Hearing Loss Increases Fall Risks

To maintain body equilibrium, the brain coordinates input from the eyes and ears and from sensors located throughout the body in the muscles and bones. While normal hearing supports the brain’s balance function, hearing loss has a destabilizing effect and becomes a safety issue. 

According to Johns Hopkins Medicine, even a mild hearing loss can increase the risk for falling three-fold.  As hearing loss worsens, fall risks increase dramatically.

Hearing loss upsets the brain’s balancing act

Balance and hearing are the two functions of the inner ear.  The inner-ear vestibular (balance) organs provide the brain with information on body position and motion. Normal hearing supplies balanced sound input from both ears, which has a stabilizing effect on the brain. Also, normal hearing verifies what we hear with what we see. 

However, due to hearing loss inaccurate and misleading sound messages are sent to the brain. Sounds may be weak, unclear, and distorted. The brain becomes overwhelmed as it tries to reconcile the confusing sounds and feedback from the ears. As brain power is diverted, balance suffers and the risks for trips and falls rise.

Those whose hearing loss is complicated by sound sensitivities may be startled and thrown off balance by noises that are perceived as being a lot louder than they actually are.  Also, fall risks increase for those who hear a lot better in one ear than in the other. Such uneven hearing makes it difficult to tell the direction of sound. People get a distorted sense of their environment. What we see and what we hear may contradict each other. Such disruptions interfere with the brain’s balance decisions, which easily leads to falls and other accidents.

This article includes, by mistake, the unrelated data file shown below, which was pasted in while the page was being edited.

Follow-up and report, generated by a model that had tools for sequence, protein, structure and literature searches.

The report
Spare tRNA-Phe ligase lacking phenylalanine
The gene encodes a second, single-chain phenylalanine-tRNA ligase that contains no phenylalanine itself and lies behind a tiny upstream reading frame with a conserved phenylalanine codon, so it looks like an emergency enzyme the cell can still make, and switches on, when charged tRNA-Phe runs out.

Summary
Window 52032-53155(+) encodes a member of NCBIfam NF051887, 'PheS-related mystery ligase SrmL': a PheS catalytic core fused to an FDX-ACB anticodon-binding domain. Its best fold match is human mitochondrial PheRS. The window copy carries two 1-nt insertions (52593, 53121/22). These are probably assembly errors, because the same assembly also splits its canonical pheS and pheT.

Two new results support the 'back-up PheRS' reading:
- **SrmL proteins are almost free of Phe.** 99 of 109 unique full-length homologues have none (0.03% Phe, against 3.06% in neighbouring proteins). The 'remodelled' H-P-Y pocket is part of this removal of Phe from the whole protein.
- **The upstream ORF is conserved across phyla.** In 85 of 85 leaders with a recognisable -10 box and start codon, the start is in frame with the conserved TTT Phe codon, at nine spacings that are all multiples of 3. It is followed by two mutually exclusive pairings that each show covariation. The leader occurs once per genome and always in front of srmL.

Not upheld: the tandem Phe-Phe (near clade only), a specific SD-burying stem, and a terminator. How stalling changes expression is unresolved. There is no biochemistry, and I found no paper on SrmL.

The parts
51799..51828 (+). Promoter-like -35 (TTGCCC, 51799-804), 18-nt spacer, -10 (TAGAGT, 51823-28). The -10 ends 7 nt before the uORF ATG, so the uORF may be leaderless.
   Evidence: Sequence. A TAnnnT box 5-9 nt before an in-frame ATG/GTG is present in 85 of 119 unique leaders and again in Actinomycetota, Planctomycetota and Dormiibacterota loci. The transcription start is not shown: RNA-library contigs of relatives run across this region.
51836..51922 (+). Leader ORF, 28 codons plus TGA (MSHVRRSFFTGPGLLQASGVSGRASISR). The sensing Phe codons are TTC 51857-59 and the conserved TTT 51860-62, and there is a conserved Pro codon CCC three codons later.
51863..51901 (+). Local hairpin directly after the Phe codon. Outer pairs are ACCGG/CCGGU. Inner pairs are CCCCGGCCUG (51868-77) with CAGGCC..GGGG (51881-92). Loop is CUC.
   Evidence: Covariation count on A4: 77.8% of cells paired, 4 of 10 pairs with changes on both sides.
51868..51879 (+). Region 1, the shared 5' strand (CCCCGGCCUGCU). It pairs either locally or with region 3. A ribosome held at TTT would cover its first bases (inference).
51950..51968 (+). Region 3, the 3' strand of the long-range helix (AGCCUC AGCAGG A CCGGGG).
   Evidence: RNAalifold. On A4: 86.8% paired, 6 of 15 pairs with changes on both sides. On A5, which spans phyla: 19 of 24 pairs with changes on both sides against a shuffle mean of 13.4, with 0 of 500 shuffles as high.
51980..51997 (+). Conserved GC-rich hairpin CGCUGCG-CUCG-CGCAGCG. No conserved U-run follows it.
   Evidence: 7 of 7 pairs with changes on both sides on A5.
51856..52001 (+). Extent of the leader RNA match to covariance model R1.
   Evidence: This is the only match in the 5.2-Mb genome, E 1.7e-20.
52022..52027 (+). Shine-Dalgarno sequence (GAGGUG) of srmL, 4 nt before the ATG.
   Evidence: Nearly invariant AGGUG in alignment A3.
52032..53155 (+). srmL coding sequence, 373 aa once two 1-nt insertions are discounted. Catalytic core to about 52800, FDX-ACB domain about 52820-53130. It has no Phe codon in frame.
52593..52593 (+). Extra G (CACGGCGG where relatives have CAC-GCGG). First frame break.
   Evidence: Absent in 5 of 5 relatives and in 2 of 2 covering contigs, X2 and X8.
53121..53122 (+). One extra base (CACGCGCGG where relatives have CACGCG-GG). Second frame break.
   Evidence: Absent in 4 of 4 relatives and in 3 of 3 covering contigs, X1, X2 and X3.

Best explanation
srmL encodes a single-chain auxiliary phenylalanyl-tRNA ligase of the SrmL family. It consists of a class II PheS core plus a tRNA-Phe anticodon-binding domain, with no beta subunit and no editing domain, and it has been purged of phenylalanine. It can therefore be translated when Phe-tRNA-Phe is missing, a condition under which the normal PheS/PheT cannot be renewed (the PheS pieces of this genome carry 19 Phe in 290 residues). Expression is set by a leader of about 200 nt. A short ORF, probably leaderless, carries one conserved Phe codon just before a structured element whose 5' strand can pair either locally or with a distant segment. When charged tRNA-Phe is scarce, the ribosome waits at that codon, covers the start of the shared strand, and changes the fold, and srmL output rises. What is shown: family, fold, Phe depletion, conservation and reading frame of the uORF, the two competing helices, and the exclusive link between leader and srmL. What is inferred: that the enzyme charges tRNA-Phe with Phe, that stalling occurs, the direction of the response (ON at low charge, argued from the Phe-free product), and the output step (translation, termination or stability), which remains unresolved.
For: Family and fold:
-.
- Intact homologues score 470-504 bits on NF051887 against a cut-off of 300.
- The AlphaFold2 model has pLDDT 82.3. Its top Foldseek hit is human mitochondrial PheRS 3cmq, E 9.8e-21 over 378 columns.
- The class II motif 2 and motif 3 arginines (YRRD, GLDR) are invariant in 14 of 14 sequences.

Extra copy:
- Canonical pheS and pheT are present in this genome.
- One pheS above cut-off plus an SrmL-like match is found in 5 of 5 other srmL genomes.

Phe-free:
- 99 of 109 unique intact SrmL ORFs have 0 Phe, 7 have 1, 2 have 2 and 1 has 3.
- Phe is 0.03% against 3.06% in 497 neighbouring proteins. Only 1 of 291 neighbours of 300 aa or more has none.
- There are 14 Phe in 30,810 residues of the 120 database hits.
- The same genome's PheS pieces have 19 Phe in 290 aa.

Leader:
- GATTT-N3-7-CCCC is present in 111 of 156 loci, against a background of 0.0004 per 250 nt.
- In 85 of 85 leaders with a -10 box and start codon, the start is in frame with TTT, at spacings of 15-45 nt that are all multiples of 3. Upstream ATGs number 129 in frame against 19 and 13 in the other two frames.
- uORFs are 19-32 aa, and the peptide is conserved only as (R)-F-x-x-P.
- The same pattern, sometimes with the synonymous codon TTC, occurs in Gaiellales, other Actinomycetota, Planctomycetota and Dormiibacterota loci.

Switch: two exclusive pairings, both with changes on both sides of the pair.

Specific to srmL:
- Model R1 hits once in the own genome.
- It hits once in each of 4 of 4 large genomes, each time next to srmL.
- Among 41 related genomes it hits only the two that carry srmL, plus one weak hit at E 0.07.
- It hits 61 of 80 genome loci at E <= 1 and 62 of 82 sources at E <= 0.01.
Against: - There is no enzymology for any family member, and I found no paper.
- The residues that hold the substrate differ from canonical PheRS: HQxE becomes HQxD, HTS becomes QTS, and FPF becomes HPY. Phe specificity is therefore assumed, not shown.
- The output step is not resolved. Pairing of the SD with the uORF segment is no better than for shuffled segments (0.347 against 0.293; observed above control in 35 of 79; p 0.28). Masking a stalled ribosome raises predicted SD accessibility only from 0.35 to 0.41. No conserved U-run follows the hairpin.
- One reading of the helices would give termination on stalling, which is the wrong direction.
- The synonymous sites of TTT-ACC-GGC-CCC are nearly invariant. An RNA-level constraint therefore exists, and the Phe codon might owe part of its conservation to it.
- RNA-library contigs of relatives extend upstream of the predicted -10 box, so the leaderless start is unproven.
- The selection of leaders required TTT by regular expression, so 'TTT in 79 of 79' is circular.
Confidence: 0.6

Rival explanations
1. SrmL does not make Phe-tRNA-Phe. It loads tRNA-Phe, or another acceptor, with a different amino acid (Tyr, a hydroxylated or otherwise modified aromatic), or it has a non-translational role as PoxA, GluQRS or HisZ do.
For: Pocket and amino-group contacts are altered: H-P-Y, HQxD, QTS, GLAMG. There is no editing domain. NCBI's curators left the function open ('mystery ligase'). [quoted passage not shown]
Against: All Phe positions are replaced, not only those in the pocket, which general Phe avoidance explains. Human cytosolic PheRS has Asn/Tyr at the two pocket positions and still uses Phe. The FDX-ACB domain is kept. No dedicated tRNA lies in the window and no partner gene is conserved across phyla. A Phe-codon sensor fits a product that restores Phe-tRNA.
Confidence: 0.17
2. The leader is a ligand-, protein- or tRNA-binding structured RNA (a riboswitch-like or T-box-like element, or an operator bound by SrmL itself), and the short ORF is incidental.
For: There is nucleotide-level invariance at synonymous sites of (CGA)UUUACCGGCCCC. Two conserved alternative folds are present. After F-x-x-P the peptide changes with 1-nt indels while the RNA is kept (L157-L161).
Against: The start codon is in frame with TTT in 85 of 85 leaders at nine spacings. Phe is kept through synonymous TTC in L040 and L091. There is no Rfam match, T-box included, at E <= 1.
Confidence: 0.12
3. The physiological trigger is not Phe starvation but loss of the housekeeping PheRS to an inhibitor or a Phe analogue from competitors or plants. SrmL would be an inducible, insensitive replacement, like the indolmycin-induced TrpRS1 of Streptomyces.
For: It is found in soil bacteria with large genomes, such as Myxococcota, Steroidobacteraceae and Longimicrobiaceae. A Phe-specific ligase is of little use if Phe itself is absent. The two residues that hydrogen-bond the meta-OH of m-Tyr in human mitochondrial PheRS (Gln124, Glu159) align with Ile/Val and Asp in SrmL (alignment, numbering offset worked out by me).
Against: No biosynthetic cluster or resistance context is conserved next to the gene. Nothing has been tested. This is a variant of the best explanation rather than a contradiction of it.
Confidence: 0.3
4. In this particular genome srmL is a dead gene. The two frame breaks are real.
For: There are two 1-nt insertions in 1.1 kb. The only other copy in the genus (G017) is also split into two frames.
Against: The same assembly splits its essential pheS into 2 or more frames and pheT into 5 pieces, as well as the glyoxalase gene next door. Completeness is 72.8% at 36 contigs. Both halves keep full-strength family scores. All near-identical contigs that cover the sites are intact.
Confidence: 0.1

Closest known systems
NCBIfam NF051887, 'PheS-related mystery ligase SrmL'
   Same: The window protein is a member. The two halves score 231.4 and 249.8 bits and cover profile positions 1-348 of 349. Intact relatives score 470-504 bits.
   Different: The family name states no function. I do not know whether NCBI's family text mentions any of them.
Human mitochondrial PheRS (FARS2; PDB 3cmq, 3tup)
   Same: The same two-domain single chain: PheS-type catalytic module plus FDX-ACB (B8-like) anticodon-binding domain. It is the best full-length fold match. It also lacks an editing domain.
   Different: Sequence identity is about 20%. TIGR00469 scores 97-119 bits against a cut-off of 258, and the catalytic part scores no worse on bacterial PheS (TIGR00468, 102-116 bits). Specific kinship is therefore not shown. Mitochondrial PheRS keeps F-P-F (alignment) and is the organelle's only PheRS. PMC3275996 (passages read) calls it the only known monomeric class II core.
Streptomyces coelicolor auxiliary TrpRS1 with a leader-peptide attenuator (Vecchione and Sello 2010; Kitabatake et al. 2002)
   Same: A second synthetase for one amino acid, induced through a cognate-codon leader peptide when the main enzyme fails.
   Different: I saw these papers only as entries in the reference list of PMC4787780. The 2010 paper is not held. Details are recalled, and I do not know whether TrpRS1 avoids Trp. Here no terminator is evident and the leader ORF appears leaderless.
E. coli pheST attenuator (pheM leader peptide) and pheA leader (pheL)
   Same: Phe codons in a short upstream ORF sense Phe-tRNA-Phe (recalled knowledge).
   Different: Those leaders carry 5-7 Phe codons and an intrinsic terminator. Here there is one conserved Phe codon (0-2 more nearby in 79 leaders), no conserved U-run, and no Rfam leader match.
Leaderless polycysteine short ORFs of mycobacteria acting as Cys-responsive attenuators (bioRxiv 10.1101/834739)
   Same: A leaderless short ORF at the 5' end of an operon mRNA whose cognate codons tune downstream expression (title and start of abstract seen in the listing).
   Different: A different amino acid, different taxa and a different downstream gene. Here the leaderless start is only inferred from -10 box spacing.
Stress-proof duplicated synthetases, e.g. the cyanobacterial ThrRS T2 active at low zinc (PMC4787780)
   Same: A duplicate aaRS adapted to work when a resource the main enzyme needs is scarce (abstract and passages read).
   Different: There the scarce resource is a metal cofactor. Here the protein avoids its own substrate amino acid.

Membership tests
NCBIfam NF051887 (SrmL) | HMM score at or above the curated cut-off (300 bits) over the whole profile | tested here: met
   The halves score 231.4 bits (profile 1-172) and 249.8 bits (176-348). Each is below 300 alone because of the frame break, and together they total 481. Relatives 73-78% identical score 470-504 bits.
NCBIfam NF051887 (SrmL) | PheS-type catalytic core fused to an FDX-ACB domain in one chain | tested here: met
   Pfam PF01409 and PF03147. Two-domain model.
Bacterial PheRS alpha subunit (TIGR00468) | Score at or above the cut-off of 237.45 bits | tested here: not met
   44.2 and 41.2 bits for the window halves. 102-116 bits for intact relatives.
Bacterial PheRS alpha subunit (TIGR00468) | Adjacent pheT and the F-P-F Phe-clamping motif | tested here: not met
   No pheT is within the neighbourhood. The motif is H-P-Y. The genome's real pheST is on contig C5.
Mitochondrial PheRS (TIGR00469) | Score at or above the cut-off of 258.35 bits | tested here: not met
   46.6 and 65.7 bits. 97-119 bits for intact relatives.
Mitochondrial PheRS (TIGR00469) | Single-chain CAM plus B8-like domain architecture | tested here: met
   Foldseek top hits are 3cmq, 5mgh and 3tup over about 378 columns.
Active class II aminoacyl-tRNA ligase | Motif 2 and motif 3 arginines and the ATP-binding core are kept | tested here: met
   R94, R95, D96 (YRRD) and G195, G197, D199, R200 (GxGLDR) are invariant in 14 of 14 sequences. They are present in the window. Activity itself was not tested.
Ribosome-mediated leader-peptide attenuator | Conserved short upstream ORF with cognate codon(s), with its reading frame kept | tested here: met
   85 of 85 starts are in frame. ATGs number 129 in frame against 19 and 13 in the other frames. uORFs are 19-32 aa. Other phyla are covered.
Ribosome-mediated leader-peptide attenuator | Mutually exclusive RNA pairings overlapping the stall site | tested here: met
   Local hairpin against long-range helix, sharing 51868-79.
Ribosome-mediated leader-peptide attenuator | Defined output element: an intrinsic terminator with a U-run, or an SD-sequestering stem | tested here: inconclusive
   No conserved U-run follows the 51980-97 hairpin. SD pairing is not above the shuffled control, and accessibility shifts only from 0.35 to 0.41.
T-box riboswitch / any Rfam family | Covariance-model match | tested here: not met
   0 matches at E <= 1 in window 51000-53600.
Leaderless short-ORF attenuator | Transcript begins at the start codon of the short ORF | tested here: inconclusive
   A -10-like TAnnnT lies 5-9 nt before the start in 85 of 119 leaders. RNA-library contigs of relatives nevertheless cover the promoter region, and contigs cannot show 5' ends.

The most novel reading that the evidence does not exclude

Can hearing aids help?

It all depends. Some studies say yes,  while others are not so sure. Yet, it makes sense that sound corrections from perfectly fitted & tuned, and consistently worn hearing aids could assist the brain with its hearing and balance coordination. But are such ideal circumstances always the case? This shows that more data must be obtained in order to get clearer, more definitive answers and better guidance.

It will be interesting to see if OTC hearing aids might help reduce fall risks for adults with mild to moderate hearing loss. After all, now people can make their own adjustments and tune their hearing aids to their own satisfaction without the often-cited travel frustration for return clinic visits. Only time will tell.

In the end,

The fact that hearing loss increases fall risks is yet another reason why people should follow up on hearing issues, starting with a comprehensive hearing test. It certainly stands to reason that improvements in sound perception and hearing ability will help the brain manage its delicate balancing act between hearing and equilibrium. Although we are short on clear-cut answers, it also makes sense that we should follow through with our hearing aid tuning sessions and give this technology a chance.